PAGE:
Validity of a simple logical argument

Discussion in 'General Philosophy' started by Speakpigeon, Jan 23, 2019.

?

Is the argument valid?

Poll closed Feb 22, 2019.

54.5%

45.5%

0 vote(s)
0.0%

0 vote(s)
0.0%
1. SpeakpigeonValued Senior Member

Messages:
1,123
This is a poll on the logical validity of the following argument:

Is this argument logically valid?
Either way, why?
EB

Last edited: Jan 23, 2019

3. SarkusHippomonstrosesquippedalo phobeValued Senior Member

Messages:
9,931
Please can you state why you are asking? What is the purpose of the poll? If it is to simply see who thinks it is valid, not valid or one of the other options, please can you enlighten us as to the purpose of your inquiry.
To continually post what seem to be nothing more than your school homework is not really engendering actual discussion, is it. So, please, explain yourself.

5. Write4UValued Senior Member

Messages:
19,038
Perhaps we should start with the premise, before we analyze the logic.

IMO, the premise is fatally flawed and any logical processing of the facts will result in garbage. Garbage in....garbage out.

Joe is either a squid or a giraffe
Joe is an elephant.

Therefore Joe is ?????

Answer: Joe is an elephant! An elephant is not a squid or a giraffe.
Therefore: Joe cannot be a squid or a giraffe.

The statement (premise) that Joe is either a squid or a giraffe is false.

7. SpeakpigeonValued Senior Member

Messages:
1,123
This argument is very simple so we should all get to agree as to its validity. I started off with the Conscious mind argument, and that turned out to be well above what people here could understand without the benefit of formal logic, save for two people I think. So, I'm forced to make it easier. And there is an interesting point about it. I just lifted it from a website where the explanation provided is bogus, so, there's something to learn and, again, we should normally agree as to validity because it is such a simple example. And no modal logic in this case, so what's there to stop you?
Irrespective of me, you should be able to arrive at a consensus as to validity.
My purpose is very simply to understand why people are apparently unable to let their intuitive sense of logic do the work and perhaps learn to frame arguments so that more people can understand.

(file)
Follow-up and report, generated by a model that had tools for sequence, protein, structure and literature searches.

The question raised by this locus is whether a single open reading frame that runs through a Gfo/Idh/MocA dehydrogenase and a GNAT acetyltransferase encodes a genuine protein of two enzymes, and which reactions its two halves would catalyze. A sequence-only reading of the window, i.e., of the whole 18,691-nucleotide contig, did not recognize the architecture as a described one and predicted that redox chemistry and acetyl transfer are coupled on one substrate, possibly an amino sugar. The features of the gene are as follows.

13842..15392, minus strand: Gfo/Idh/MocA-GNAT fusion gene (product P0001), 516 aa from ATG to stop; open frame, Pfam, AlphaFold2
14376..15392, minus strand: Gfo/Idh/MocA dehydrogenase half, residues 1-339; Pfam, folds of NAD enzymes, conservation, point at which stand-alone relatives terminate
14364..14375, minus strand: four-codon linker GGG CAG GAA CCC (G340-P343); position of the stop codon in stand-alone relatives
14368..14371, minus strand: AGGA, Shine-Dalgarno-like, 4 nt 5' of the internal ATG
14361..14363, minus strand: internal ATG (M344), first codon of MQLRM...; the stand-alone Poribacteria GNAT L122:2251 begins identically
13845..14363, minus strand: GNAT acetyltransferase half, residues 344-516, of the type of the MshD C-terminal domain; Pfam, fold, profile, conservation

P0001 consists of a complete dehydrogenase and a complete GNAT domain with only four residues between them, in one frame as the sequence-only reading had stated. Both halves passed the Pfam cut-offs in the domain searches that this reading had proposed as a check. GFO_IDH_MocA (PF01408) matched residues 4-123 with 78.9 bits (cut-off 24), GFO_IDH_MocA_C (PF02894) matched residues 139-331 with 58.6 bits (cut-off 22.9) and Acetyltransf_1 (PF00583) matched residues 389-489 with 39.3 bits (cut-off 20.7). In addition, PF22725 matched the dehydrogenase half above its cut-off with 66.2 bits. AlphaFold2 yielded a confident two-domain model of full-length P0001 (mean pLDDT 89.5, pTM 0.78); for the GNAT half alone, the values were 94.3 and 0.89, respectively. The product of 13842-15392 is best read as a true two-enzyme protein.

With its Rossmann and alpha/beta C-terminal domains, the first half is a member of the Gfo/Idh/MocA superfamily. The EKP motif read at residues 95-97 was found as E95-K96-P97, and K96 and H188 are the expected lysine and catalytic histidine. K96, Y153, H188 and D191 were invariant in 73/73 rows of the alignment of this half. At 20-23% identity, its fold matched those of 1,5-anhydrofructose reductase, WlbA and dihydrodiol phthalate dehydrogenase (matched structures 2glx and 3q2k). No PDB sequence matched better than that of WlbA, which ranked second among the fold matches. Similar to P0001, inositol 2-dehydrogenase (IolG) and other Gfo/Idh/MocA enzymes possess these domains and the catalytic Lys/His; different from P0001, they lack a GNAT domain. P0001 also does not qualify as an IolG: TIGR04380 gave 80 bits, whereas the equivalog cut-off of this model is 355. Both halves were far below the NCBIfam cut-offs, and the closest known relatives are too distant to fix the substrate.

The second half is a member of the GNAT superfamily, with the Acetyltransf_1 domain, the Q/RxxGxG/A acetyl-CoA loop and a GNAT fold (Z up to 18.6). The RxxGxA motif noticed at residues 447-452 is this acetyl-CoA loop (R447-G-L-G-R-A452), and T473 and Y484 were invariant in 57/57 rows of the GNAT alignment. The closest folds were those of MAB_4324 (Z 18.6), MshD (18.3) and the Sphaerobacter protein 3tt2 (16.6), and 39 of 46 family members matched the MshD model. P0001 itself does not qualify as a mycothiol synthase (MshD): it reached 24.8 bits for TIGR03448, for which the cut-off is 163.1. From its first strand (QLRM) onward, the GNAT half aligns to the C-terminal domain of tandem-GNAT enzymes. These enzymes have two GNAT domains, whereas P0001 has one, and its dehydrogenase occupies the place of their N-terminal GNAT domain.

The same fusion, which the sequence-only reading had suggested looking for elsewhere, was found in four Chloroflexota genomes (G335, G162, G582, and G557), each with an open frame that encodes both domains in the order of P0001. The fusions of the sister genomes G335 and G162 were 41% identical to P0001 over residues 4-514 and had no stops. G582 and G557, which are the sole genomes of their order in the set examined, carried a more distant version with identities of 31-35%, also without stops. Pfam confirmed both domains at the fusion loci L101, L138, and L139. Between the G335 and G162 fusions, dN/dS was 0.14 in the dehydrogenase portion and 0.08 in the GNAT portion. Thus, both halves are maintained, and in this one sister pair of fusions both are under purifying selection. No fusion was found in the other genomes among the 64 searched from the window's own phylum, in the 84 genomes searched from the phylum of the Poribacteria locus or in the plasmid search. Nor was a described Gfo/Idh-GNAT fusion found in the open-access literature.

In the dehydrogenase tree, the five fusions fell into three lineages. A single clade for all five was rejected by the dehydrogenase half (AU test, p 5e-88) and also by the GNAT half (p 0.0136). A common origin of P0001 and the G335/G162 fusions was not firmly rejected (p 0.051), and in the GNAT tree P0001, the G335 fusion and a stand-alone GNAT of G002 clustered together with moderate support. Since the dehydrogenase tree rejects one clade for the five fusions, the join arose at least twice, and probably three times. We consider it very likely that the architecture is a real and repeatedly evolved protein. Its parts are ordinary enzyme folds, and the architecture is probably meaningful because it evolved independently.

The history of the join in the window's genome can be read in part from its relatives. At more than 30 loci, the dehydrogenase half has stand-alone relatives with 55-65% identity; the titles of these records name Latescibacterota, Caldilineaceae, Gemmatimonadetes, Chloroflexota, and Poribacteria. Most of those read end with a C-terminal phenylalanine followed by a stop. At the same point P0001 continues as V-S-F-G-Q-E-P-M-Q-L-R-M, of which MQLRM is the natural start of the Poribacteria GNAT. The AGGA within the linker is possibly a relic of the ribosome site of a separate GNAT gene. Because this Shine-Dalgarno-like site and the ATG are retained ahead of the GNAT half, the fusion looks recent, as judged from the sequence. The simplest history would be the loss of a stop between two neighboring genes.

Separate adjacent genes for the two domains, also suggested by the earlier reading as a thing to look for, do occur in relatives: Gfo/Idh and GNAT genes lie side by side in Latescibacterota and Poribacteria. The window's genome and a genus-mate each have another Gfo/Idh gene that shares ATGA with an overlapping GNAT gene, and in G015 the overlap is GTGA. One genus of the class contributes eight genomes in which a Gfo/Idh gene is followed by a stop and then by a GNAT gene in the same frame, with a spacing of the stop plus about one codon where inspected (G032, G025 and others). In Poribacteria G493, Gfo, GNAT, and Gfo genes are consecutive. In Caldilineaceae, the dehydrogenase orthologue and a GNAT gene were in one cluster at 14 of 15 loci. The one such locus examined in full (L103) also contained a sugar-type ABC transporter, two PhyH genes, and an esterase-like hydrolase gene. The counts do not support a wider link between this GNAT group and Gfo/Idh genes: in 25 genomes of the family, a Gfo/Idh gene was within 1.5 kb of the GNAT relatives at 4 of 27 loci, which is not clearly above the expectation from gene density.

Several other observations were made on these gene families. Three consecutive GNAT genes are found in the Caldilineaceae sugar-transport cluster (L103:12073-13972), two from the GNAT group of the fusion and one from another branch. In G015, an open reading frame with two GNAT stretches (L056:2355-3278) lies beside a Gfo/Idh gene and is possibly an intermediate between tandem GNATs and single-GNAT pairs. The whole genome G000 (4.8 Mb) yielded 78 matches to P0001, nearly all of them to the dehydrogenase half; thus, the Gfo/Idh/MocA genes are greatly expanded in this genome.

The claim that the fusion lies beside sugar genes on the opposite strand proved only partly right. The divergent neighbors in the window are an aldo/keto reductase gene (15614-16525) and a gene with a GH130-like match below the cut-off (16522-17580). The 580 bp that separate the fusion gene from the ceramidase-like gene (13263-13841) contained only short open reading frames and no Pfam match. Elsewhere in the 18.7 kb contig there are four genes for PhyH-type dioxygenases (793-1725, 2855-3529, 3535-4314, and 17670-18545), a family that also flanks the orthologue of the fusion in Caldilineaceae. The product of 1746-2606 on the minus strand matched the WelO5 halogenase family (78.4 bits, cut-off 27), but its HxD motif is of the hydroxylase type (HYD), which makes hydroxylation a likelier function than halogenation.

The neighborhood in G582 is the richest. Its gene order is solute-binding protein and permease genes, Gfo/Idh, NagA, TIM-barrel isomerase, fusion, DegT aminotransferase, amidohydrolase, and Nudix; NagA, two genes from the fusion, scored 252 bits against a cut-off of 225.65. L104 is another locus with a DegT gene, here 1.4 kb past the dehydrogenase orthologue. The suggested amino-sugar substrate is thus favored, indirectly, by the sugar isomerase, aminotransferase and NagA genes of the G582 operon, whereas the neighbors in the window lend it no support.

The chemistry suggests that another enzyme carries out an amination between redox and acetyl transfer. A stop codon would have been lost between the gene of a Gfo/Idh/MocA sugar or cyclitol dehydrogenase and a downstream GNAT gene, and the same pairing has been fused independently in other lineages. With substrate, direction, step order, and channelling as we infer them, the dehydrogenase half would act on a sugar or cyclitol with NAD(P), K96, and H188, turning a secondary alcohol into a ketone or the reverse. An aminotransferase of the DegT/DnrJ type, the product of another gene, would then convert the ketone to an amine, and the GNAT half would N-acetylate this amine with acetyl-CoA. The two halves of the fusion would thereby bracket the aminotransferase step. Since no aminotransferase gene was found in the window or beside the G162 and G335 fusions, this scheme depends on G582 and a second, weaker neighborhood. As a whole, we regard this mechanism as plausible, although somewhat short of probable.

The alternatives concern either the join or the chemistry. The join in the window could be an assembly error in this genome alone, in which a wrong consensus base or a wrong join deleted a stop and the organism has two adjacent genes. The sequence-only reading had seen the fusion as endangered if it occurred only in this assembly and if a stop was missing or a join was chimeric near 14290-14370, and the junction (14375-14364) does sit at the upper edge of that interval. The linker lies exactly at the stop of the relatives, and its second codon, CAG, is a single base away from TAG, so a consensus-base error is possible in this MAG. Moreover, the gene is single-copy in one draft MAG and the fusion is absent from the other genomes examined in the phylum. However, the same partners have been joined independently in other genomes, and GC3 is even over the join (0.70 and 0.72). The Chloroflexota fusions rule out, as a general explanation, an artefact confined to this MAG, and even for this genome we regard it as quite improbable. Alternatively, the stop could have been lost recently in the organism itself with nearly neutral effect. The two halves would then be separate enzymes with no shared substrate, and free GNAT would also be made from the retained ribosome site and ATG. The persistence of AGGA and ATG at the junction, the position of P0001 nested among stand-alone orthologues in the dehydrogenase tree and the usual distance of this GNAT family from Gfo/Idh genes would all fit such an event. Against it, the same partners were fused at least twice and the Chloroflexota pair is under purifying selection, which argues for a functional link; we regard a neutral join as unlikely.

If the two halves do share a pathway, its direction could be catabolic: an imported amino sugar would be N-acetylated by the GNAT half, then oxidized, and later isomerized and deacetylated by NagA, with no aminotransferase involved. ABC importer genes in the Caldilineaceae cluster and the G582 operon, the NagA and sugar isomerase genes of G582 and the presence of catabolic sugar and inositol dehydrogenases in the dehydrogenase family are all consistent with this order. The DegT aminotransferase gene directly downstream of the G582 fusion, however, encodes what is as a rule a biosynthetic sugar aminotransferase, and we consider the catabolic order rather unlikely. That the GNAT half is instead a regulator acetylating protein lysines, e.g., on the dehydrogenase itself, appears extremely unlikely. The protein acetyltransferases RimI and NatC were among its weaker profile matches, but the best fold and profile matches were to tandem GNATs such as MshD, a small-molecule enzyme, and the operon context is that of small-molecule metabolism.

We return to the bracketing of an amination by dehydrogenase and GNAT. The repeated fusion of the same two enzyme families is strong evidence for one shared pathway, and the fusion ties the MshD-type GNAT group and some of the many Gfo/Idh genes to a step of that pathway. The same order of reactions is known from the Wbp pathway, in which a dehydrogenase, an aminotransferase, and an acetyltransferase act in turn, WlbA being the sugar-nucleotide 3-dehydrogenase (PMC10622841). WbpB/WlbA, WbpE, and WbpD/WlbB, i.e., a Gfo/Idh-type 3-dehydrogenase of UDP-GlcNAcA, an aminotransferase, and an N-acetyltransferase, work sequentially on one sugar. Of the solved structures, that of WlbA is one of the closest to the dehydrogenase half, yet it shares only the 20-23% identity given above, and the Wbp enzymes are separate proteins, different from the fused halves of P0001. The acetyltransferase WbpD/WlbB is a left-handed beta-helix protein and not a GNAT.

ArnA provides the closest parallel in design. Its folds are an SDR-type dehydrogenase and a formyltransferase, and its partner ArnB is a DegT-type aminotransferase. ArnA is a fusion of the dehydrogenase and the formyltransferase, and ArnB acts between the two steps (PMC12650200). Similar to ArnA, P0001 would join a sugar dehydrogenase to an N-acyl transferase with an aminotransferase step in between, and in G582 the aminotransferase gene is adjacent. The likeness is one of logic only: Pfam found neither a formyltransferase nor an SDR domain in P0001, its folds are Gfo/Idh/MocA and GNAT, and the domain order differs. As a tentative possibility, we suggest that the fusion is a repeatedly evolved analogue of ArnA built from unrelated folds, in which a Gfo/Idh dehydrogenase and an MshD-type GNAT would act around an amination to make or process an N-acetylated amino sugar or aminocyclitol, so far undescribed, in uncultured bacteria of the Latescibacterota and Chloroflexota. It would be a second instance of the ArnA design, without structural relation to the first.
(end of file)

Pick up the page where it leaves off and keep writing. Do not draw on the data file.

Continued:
EB

8. SpeakpigeonValued Senior Member

Messages:
1,123
You're not addressing the topic. The question is as to validity, not soundness.
Here is my definition of validity:
EB

9. Write4UValued Senior Member

Messages:
19,038
That's the problem. The premise of the argument is prima facie not valid.
Hmm,
here I thought that logical soundness and validity are fruits of the same tree.

I did address the topic and gave the same answer as you just did. I just stated it differently.
Am I required to quote your answer verbatim, else it is wrong?
The premise of the question is untrue, it is unsound, it is not valid, it is a piece of trash. The conclusion can only be false. Garbage in --> Garbage out.
It should not be asked by a person with sound logical mental processes.

Try to pull this trick with mathematics......"error"........

Last edited: Jan 23, 2019
10. SpeakpigeonValued Senior Member

Messages:
1,123
Premises are either true or false, not valid or invalid.
Then, what you mean is that the premises are false.
No. If the premises are false, then conclusion may well be true. Joe may well be a squid. But that's not the question.
To assess validity, you have to assume the truth of the premises.
No.
Garbage in, garbage out only if the argument is valid.
That's kindergarten level. You should try to understand logic.
Sorry!
And maybe you're assuming too much.
EB

11. Write4UValued Senior Member

Messages:
19,038
How many times do I have to tell you that before you understand what I am saying. Don't cloak your argument in semantics.
The premise on which the exercise is based is false. A person cannot be two different things at the same time.
The problem already posits a conclusion. Joe is an elephant. Therefore he cannot logically be a squid or a giraffe. End of story.

12. SarkusHippomonstrosesquippedalo phobeValued Senior Member